National Trust staff and conservation specialists were at the home yesterday assessing the extent of the damage to buildings, paths and roads. A video filmed in the gardens of the home yesterday showed water cascading down steps
Lyme Park’s lead ranger told the Manchester Evening News after the home was closed to the public that he was ‘unable’ to say when it might reopen.
He said there was ‘widespread and extensive’ damage to paths and roads around the home, especially around streams and ponds which overflowed.
‘We’ve taken the decision to remain closed to ensure we don’t put any members of the public at risk, and so that we can start the repair work,’ he said.
Colin Firth, who played Mr Darcy in the BBC’s 1995 production of Jane Austen’s iconic novel, famously walked out of the home’s reflection lake in a soaking wet white shirt while Jennifer Ehle’s Elizabeth Bennett watched on
Lyme Park, pictured behind Firth and Ehle as they pose next to each other while in character as Elizabeth Bennett and Mr Darcy, doubled up as Mr Darcy’s Pemberley in the BBC’s TV adaption
‘It’s devastating when we see the place we work so hard to look after impacted in this way.’
Today, the Royal Air Force were forced to intervene with a Chinook helicopter to try to stop Toddbrook reservoir, in Derbyshire, from collapsing after it was ‘badly’ damaged during heavy rain and police urged up to 6,500 inhabitants in the nearby town of Whaley Bridge to immediately flee.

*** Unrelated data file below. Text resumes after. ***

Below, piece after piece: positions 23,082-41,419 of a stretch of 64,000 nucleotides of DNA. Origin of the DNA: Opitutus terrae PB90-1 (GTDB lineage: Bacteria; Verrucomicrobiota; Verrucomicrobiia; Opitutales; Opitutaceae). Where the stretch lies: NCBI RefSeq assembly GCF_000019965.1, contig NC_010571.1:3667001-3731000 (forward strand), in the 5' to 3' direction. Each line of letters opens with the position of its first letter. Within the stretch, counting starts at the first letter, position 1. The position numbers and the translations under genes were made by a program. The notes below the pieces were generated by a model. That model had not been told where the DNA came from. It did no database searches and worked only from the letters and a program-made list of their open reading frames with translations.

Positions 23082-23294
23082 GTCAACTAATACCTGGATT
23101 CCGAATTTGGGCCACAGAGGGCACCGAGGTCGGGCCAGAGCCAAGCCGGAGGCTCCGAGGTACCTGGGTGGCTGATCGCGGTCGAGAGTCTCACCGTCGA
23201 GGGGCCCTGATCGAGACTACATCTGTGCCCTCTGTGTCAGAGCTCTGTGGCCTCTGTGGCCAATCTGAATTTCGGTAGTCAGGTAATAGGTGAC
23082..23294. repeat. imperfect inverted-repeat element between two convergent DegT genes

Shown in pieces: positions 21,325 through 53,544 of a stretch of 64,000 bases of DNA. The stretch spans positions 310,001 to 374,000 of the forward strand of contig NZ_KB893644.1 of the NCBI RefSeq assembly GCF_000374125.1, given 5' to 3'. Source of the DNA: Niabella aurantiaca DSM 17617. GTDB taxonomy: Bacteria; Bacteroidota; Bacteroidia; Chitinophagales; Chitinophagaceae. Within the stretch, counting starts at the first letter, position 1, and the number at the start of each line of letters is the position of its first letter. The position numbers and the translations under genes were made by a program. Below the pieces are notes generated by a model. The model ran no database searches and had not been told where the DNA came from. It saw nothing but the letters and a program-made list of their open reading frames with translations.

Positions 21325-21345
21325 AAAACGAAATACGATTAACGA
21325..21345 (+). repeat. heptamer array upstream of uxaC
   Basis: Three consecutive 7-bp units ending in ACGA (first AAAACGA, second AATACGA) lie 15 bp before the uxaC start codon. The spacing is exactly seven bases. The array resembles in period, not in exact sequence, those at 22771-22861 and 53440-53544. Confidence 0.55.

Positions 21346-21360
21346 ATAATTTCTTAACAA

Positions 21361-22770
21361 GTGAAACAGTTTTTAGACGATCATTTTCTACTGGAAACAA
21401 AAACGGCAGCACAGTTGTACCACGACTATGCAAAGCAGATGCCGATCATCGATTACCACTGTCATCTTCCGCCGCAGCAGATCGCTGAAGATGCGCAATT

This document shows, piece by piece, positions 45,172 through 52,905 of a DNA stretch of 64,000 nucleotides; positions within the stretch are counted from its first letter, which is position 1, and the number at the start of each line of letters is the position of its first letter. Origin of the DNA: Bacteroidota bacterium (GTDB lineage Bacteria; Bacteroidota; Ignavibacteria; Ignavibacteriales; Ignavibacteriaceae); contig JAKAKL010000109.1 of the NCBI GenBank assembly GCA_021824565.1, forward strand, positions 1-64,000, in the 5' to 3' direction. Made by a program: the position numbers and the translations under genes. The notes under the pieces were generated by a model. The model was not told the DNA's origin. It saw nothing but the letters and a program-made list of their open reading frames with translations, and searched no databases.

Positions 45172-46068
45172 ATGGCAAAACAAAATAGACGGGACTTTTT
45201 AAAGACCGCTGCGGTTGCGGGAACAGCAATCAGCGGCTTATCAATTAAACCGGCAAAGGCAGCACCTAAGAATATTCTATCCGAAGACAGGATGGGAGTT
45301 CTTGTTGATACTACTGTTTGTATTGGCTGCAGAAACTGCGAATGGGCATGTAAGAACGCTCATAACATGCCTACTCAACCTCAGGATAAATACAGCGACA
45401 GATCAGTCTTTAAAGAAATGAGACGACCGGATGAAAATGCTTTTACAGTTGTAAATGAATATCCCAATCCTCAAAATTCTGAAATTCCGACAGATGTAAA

Residents spent the night away from their homes during what police described as ‘an unprecedented, fast-moving, emergency situation’ caused by five days of downpours.
Emergency service workers were scrambling to save the 19th century dam which could be set to burst any minute, with teams laying sandbags to prevent the water breaking through and wiping out the picturesque town.
Officers spent hours going door-to-door around homes in the Derbyshire village, as residents fled the area in case the 1.3million tonnes of water contained in the huge Georgian-era Toddbrook Reservoir starts to escape.
The Environment Agency issued a severe ‘danger to life’ flood warning after 82.8mm (3in) of rain fell on the hills above Whaley Bridge in 48 hours up to yesterday afternoon, the equivalent of a month’s worth of rain.
An RAF Chinook helicopter flies in sandbags to help repair the dam at Toddbrook Reservoir near Whaley Bridge this morning
Where Whaley Bridge is in relation to the reservoir and the dam wall which has a hole in it, and the flow of the water
The reservoir, which contains 1.3 million tonnes of water, has seen ‘extensive’ damage from flooding including a huge hole in the dam wall – with the helicopter sent from RAF Odiham in Hampshire to assist emergency efforts.
A Ministry of Defence spokesman said the Chinook would ‘drop one-ton bags of aggregate – a mixture of sand, gravel and stone – into Todd Brook. This is intended to stem the flow of water into the reservoir.’
Videos shared by Shirebrook Fire Station showed the Chinook laden with the aggregate as it flew above the area and hovered above the the dam wall. Police said 400 tonnes of aggregate would be brought by the RAF.